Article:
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I've got a couple of theorems that I must prove, but I'm completely stumped. Could someone help me out?

  1. Prove: If P(x) can be divided by Q(x), then it can be divided by cQ(x), where c - any non zero number.
  2. Prove: If the degrees of P and Q are the same ( equal), then P(x) can be divided by Q(x) then and only then, if Q(x)=cP(x), where c - any non zero number.
  3. Prove: If c - any non zero number. then polynomials P(x) and cP(x) have the same divisors

I know from simple logic, that they are all true, but I'm bad at writing logic in math proofs.


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up vote 3 down vote accepted

I'm assuming that by "number" you mean either "real number" or "complex number"; in fact, most of these statements are true in much greater generality (other classes of numbers).

  1. The statement "$P(x)$ can be divided by $Q(x)$" means that there exists a polynomial $R(x)$ such that $Q(x)R(x) = P(x)$. In order to show that $P(x)$ can also be divided by $cQ(x)$, you need to find a polynomial $S(x)$ such that $(cQ(x))S(x) = P(x)$. Try using the $R(x)$ you know exists, and the fact that $c\neq 0$.

  2. Again, you know that there is a polynomial $R(x)$ such that $Q(x)R(x)=P(x)$. What do you know about the degree of a polynomial product? That is, if the degree of $f(x)$ is $n$ and the degree of $g(x)$ is $m$, what is the degree of $f(x)g(x)$?

  3. Show that if $Q(x)$ divides $P(x)$, then it also divides $cP(x)$. Then use this to show that anything that divides $cP(x)$ also divides $\frac{1}{c}\left(cP(x)\right)$ to get that $P(x)$ and $cP(x)$ have the same divisors: that is, that $Q(x)$ divides $P(x)$ if and only if it divides $cP(x)$. For the second part (that a divisor of $cP(x)$ is a divisor of $P(x)$) you'll need to use that $c\neq 0$.

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The sought divisibility results are special cases of this simple

Divides Product Rule $\ $ Let $\rm\ a,b,c,d\in R $ any ring.

Then $\rm\quad\ \ a|b,\ \ c|d\ $ in $\rm\:R\ \ \Rightarrow\ \ ac|bd\ $ in $\rm\:R\:. $

Proof $\rm\ \ \ b/a,\ d/c \ \in\ R\ \Rightarrow\ (bd)/(ac)\in R\:.\quad$ QED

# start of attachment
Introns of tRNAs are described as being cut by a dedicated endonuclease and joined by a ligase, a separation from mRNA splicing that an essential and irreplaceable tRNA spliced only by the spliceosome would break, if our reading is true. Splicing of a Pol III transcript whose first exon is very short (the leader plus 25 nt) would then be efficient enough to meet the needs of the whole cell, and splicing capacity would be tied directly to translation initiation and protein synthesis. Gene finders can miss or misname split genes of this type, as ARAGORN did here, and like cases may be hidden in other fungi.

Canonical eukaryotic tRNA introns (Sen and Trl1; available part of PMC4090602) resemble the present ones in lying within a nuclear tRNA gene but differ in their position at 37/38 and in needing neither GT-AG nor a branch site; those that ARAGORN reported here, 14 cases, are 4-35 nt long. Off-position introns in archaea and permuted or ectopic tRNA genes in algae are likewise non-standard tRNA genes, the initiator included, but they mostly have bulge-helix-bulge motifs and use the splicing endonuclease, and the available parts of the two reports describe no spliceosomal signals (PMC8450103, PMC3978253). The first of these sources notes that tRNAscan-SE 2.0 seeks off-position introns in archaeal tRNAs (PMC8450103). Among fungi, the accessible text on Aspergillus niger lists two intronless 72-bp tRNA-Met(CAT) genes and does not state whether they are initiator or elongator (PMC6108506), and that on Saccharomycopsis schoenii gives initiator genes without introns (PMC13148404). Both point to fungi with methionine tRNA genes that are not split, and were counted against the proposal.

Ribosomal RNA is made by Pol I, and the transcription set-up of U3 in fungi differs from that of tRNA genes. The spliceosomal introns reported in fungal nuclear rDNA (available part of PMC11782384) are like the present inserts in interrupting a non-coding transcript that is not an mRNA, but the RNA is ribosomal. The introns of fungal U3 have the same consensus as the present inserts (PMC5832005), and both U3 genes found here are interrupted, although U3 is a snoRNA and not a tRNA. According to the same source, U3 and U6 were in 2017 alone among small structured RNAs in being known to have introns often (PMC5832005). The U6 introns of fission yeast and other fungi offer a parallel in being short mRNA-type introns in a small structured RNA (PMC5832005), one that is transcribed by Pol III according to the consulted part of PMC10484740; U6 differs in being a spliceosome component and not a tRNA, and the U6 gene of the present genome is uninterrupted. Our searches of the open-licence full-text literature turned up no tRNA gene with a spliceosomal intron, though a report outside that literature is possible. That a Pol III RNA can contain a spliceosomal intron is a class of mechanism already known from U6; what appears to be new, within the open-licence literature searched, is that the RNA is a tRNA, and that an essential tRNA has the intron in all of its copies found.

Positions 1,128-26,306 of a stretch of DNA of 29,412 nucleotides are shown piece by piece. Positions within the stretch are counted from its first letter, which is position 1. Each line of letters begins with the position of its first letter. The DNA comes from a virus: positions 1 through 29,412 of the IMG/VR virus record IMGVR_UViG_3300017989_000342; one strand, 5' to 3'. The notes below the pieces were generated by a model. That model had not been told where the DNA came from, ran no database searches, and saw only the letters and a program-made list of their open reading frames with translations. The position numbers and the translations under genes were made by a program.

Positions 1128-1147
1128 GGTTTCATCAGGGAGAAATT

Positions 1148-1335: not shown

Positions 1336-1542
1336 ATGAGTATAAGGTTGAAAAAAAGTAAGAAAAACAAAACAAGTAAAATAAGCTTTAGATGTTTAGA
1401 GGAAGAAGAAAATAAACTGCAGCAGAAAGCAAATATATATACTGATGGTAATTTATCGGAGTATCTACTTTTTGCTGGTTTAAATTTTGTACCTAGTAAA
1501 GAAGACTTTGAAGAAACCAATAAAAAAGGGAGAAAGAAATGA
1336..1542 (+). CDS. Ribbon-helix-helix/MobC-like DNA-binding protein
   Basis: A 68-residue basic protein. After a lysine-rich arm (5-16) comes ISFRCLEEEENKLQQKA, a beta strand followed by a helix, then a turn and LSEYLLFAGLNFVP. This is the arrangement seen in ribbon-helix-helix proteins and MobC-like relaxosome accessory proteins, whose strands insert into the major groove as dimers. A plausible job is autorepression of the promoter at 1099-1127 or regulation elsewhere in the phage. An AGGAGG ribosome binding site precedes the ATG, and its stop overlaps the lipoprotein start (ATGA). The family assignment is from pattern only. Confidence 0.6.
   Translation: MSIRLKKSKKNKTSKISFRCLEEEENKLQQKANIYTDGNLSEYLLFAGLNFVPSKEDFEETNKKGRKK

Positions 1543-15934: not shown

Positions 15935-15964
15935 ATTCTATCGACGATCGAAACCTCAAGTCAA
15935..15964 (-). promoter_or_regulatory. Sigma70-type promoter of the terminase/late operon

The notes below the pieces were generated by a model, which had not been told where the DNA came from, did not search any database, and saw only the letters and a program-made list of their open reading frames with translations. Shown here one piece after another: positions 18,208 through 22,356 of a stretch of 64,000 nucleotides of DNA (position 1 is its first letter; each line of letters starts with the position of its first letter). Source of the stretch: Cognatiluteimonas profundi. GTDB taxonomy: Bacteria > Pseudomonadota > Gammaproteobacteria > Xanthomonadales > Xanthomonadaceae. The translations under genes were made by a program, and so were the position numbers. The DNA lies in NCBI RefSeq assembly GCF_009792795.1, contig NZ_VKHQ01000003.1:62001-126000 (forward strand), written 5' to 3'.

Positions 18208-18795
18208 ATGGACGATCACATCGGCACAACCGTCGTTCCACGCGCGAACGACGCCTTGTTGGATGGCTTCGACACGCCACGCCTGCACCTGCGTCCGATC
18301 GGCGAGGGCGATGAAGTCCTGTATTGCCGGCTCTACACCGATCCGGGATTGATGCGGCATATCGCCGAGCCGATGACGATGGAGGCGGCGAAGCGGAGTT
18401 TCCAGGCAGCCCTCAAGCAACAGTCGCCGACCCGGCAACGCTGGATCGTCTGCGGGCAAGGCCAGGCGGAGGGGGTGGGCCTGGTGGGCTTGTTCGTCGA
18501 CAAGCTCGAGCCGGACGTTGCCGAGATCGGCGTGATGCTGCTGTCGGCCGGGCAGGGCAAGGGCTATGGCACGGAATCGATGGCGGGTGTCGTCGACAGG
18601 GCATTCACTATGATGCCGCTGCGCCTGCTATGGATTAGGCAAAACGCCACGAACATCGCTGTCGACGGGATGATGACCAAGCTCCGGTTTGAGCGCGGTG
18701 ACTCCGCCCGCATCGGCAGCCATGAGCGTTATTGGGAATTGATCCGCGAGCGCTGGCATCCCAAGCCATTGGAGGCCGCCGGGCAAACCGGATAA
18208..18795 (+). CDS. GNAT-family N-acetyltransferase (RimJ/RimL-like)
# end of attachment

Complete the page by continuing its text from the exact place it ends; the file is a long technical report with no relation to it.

Now let's apply this Rule to derive the sought results in $\rm\ R = K[x],\ K\ $ a field.
Below I give the main steps, omitting trivial cases such as when $\rm\:p\:$ or $\rm\:q = 0\:.$

  1. $\rm c|1,\ q|p\ \Rightarrow\ cq|p\ $ by the Rule (in a field $\rm\ K,\ c\ne 0\ \Rightarrow\ 1/c\in K\ \Rightarrow\ c|1\ $ in $\rm\:K\:).$

  2. If $\rm\ deg\ p = \deg\ q\ $ then $\rm\ q|p \iff\ q = c\: p\ $ for some $\rm\ 0 \ne c\in K\:.$
    $\rm(\Leftarrow)\ \ c|1,\ p|p\ \Rightarrow\ cp|p\ $ by the Rule (or $\rm\ q \to p\ $ in 1).
    $\rm(\Rightarrow)\ \ p = q\:r\ \Rightarrow\ \deg\ r = \deg\ p - \deg\ q = 0\ \Rightarrow\ r\in K\:.$

  3. $\rm\ q|p\ \iff\ q|cp\ $
    $\rm(\Leftarrow)\ \ q|cp|p\ $ by $\rm q \to p$ in 1 and "divides" transitivity ($\rm b = c\ \ne 0\:$ in Rule)
    $\rm(\Rightarrow)\ \ 1|c,\ q|p\ \Rightarrow\ q|cp\ $ by the Rule.

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Assuming you are working over complex numbers,

Hint: Try using the fundamental theorem of algebra.

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And that is...? – Janis Peisenieks Jan 16 '11 at 23:45
Algebra , 1st semester, 1st year. Someone pointed me to this theorem, but we've not looked at it before. – Janis Peisenieks Jan 16 '11 at 23:54
@Janis: It implies (along with Remainder theorem) that every polynomial can be written as $C(x−a_1)(x−a_2)\dots(x−a_n)$ where the $a_i$ are the roots of the polynomial. What course is this, btw? – Aryabhata Jan 16 '11 at 23:55
The question title did begin with "Proofs". To the downvoter: If you don't understand/have an issue, please comment and things can be clarified. – Aryabhata Jan 17 '11 at 5:57

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